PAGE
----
Beltran’s bone spur was in his right elbow, his lead elbow as a left-handed hitter. That obviously could have played a major role in his sudden inability to hit inside pitches. Beltran simply might not have had the range of motion necessary — or at least have the necessary range of motion without discomfort — to hit those pitches. Or it could just be that he’s a soon-to-be 38-year-old player who is losing bat speed by the day and is no longer able to get around on inside pitches. We can’t rule that out either.
Now that the bone spur is out of his elbow, there’s at least some hope Beltran will better be able to handle inside pitches and thus improve his production against righties this coming season. He might not get back to where he was in 2013 or his overall 2011-13 level (139 wRC+), but something more than last year would be nice.
Yankees Need: Production Against Lefties
The Yankees are projected to have four right-handed hitters on the Opening Day roster: Alex Rodriguez, Chris Young, John Ryan Murphy, and Brendan Ryan. Only one of them figures to be in the regular starting lineup. That is not a lot of offensive firepower from that side of the plate, so the switch-hitters like Beltran (and Mark Teixeira and Chase Headley) are going to have to help pick up the slack. The AL East isn’t what it once was, the days of seeing David Price or Jon Lester every other weekend are over, but there still needs to be lineup balance and the ability to handle southpaws.
Beltran Can: Hopefully Halt The Decline Against Lefties
At this point Beltran is a switch-hitter in name only. The right side has been his weaker side of the plate for a few years running now and it’s only getting worse. Across the board his AVG, OBP, SLG, ISO, and wRC+ against lefties have been trending in the wrong direction since 2010. (His walk and strikeout rates have been all over the place.) Check it out:
Yikes. Yes, the “bone spur in the elbow” caveat applies to last season, but leave 2014 out of it and that’s still a really scary trend. Even with a healthy elbow, why would I expect Beltran to be even an average hitter against left-handers this coming season? Hopefully he’ll rebound with a healthy elbow and top last year’s production, but I feel like it’ll take some BABIP luck to get back to a 100 wRC+ in 2015.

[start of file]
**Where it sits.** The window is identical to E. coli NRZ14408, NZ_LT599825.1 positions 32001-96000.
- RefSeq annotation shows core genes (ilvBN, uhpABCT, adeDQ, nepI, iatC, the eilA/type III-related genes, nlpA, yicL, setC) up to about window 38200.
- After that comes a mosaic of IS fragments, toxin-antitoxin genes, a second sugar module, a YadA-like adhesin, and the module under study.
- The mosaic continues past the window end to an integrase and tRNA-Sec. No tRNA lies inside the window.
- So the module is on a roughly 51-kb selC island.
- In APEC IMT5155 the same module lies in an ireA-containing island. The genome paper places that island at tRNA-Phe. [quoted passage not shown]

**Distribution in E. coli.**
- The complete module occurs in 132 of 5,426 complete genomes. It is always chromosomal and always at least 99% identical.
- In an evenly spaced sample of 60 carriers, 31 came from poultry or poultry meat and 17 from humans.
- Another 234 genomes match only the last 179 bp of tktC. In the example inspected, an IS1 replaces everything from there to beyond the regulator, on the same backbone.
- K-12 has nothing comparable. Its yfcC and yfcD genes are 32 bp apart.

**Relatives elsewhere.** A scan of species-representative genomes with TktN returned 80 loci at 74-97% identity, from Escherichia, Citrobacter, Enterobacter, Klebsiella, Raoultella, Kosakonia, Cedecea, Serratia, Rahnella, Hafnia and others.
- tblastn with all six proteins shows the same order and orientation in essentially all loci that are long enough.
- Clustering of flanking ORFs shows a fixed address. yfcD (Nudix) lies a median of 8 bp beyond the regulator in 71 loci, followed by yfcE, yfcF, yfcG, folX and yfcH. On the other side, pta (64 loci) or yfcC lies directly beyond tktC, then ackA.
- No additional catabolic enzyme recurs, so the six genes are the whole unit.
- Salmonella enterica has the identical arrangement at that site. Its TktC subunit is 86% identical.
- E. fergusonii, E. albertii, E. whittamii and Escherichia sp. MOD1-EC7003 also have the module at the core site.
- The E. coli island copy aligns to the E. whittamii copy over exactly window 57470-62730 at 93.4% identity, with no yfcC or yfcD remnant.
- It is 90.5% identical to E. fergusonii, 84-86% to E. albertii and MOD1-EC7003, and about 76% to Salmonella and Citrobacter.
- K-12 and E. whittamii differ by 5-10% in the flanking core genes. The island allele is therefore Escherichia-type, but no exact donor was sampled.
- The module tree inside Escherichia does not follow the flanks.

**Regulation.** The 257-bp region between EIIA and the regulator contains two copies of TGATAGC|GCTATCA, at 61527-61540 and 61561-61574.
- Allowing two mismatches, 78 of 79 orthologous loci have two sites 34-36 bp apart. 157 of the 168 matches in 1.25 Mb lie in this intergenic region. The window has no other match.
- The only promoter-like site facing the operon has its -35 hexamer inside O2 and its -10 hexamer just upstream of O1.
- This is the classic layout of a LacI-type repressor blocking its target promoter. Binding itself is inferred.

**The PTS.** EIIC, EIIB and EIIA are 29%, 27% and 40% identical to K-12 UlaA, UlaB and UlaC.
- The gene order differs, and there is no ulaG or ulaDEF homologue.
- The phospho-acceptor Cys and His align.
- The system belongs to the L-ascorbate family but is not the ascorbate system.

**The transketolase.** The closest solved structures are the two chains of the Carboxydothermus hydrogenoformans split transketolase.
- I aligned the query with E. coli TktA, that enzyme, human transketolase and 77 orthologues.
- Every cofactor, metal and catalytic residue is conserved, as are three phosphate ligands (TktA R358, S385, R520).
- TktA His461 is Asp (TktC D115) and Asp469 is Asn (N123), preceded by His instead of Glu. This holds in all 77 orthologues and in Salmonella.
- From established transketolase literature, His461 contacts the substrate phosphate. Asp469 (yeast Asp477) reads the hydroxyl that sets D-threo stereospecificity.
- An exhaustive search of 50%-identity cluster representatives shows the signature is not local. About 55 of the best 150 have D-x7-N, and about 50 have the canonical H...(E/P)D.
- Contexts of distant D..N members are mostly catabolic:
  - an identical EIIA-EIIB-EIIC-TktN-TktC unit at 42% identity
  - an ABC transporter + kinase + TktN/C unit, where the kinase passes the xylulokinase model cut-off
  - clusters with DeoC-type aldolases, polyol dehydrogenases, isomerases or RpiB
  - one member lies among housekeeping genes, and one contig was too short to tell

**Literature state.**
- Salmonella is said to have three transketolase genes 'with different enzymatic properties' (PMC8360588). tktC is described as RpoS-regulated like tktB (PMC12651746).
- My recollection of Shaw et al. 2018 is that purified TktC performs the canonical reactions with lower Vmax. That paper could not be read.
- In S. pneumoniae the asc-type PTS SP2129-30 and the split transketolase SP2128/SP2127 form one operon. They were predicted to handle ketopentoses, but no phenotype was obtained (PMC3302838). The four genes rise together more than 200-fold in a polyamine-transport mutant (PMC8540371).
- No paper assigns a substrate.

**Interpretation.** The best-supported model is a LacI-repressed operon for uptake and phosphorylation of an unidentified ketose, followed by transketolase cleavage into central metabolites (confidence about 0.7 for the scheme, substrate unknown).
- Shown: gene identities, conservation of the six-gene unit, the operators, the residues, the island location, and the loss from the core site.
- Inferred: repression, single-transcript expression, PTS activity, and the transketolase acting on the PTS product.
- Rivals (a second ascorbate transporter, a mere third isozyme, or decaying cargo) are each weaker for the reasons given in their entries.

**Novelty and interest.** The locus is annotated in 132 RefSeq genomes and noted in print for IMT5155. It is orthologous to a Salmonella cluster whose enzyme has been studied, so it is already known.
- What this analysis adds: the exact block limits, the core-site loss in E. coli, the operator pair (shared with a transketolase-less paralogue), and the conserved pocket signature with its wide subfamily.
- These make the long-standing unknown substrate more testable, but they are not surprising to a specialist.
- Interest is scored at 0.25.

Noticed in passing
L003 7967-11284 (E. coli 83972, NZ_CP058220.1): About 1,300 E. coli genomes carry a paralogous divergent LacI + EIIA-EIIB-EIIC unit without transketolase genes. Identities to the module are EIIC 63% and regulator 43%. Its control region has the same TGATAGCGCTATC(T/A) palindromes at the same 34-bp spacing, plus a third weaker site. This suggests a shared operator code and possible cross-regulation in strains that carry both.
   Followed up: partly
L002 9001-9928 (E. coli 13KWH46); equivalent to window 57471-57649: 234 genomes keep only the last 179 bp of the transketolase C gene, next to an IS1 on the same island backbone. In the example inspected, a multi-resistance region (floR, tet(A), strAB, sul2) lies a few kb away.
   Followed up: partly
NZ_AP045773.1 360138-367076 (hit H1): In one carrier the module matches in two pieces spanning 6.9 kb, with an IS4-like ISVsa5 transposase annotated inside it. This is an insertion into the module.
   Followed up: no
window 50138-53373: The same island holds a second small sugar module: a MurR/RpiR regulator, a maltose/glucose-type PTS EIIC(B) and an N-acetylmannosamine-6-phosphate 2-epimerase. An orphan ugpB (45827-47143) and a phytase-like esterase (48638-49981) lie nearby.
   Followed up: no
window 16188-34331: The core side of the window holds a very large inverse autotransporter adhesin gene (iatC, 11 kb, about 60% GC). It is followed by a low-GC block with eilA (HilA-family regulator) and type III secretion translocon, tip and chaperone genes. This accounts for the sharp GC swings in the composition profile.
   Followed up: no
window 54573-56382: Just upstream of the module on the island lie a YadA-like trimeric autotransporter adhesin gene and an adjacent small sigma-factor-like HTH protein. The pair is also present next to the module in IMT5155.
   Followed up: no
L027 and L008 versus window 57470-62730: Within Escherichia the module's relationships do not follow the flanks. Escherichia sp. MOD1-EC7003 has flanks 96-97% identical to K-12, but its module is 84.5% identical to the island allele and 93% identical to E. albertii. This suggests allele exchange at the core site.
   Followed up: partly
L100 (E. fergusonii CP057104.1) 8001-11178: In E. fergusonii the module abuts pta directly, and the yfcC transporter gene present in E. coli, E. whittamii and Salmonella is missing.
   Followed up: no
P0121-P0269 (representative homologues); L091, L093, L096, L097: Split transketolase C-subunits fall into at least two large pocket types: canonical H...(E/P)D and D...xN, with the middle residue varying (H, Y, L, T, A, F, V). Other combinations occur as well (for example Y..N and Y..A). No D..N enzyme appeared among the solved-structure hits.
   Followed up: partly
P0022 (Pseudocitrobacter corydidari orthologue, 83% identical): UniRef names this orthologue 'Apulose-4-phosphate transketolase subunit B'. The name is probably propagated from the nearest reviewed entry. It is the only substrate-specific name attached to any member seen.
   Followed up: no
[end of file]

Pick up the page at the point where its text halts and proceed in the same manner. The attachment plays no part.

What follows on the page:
I doubt it’ll happen, but there’s an argument to made the Yankees are best off platooning Beltran with Young this summer. Or at the very least batting Beltran lower in the order against southpaws.
Yankees Need: “Just Don’t Mess Up Too Bad” Defense
In his prime, Beltran was an unreal center fielder with great range, tremendous reads, and a strong arm to back it all up. He wasn’t Andruw Jones but he was the next best thing. He was that good defensively. It’s been a very long time since Beltran was a plus defender though. You have to go back to his days with the Mets, basically. The Yankees are not unrealistic. They’ll again shade Jacoby Ellsbury towards right-center to help compensate for Beltran’s lack of range — having Brett Gardner in left allows that — and hope Beltran can simply make all the play he’s supposed to make. Right field in Yankee Stadium is relatively small. There’s not much ground to cover out there.
Beltran Can: Stand In Right Field For A Few Innings
Beltran has consistently rated as a below-average right fielder by the various defensive stats the last few years and that definitely matches up with the eye test. It’s not just a lack of range brought on by age and years of knee problems, there was was straight up laziness at times last year. I’m sure you remember Beltran getting caught standing around on this play last year: